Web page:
Comal County Commissioner, Precinct 4
DWCC Member Running for Comal County Commissioner, Precinct 4
Dorothy Carroll, DWCC member, is a candidate for Comal County Commissioner, Precinct 4. She wants to be directly involved in the business of the county and in overseeing the county's budget. She wants to ensure county funds are spent responsibly and conservatively and adequately address the needs of county residents.
Ms. Carroll is the mother of three, grandmother of six and has six great-grandsons. Difficult
times in her past, including the death of a greatgrandson and a daughter, have contributed to her resiliency. She believes her diverse work background uniquely qualifies her for involvement in county government. Examples are clothing manufacturing, financial and retail advertising and marketing, accounting, insurance auditing, business consulting and owning a commercial custom framing business. Ms. Carroll is an artist including; painting and mural painting, ceramics and printmaking. She founded a non-profit organization for printmakers in the early 1990s.
Ms. Carroll has been an advocate for battered women and survivors of sexual assault since the early 1970s and is an untiring foe of injustice.
Ms. Carroll plans to address health and safety issues in Comal County. She is concerned by the number of sexual assaults occurring and wants to see many more offenders prosecuted successfully. She wants to ensure that Registered Sex Offenders residing in the county (approx. 200 currently) are strictly monitored by local law enforcement.
Ms. Carroll wants the Commissioners' Animal Control Orders and Regulations for Comal County fully and strictly enforced. She says the number of children and seniors attacked by dogs running-at-large is unacceptable. Attacks have resulted in major injuries and surgery, lifelong physical challenges and even death. Ms. Carroll plans to have Comal County’s Leash Law for Dogs and Prohibition against Dogs Running-at-Large taken seriously by all county enforcement officials.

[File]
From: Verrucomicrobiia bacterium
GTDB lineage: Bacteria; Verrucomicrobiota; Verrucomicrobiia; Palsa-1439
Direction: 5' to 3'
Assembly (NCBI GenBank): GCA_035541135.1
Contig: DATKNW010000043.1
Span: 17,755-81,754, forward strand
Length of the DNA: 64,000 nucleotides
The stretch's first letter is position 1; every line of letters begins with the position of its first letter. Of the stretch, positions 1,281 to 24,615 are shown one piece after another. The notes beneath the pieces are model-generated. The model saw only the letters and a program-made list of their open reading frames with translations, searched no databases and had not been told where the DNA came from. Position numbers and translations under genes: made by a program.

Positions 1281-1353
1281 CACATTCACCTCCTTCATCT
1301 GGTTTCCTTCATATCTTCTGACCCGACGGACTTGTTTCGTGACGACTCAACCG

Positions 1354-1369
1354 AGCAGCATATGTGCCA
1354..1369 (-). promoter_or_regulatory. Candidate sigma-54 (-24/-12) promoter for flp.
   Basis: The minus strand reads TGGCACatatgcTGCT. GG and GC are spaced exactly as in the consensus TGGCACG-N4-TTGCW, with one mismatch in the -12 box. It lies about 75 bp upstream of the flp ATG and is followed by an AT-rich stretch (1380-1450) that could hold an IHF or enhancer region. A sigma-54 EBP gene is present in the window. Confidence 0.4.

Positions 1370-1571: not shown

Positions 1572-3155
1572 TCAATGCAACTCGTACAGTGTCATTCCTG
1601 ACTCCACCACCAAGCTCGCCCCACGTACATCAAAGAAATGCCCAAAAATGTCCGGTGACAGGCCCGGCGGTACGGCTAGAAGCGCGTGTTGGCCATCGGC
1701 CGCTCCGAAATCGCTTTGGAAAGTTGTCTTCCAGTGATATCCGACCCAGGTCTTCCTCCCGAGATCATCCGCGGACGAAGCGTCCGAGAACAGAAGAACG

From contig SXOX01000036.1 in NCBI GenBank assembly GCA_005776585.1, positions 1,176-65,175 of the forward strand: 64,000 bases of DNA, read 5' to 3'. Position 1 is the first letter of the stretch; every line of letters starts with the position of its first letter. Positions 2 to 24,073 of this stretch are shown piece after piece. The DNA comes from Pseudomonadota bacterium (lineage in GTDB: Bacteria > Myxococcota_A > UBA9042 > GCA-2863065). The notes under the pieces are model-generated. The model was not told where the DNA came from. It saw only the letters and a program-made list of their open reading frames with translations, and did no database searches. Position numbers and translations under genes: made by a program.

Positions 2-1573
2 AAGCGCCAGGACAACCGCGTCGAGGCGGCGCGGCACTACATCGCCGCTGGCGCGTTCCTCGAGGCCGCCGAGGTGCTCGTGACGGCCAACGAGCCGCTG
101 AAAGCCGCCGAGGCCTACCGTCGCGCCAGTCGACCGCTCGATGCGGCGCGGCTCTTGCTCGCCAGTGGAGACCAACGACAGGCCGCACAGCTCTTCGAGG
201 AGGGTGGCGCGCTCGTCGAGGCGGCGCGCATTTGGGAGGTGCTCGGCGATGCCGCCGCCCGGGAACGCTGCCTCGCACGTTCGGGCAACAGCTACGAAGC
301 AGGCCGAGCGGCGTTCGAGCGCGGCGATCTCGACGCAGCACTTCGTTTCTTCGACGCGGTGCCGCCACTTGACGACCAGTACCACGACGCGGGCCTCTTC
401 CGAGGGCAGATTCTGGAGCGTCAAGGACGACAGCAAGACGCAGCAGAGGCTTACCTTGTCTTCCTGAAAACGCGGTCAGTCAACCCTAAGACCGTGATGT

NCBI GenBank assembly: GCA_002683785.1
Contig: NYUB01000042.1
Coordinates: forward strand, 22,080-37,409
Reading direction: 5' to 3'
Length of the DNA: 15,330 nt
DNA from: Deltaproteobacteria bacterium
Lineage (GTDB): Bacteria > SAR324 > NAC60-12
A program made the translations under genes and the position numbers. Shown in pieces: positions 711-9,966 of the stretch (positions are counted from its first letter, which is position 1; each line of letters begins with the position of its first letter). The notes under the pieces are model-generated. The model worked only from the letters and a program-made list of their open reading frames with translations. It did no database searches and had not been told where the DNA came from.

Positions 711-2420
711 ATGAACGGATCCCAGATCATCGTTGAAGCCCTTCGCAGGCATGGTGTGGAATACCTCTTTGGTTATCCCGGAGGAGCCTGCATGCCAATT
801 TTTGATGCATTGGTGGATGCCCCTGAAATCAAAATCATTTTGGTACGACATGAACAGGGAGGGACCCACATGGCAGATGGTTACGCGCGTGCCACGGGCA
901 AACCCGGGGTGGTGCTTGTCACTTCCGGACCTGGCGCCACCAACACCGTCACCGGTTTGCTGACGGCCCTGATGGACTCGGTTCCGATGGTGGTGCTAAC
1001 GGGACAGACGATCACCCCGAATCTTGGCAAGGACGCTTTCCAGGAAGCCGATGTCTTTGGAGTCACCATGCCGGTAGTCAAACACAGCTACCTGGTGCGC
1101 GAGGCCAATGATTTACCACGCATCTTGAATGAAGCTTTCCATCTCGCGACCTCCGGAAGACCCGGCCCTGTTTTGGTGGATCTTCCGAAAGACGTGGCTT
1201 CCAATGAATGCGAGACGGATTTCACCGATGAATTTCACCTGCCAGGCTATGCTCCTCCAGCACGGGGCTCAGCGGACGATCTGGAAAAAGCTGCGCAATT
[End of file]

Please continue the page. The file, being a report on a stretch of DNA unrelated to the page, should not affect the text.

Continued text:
Ms. Carroll is deeply disturbed by the death of many dogs. Dogs are injured, maimed and killed by drivers and by other loose dogs. She is disturbed by the number of property owners who boast they shoot and poison loose dogs on their property. Dogs are injured or die in many terrible ways when they are allowed to run-at-large.
Ms. Carroll finds no justifications for these health and safety issues to be ignored, to any degree, by county officials at the expense of the county’s most vulnerable residents.
What does a County Commissioner do?
County government in Texas is different from city government in that its structure and areas of responsibility are spelled out in the Texas Constitution. County governments are seen as the administrative arms of the state legislature. Each county has a Commissioners’ Court, with four commissioners from designated precincts, and a county judge. The Commissioners’ Court conducts the business of the county, including overseeing the county’s finances. The power of the Commissioners’ Court is limited by a system of checks and balances between it and other elective offices in the county. These elective offices, such as the sheriff, county clerk, and justices of the peace, are independent of each other.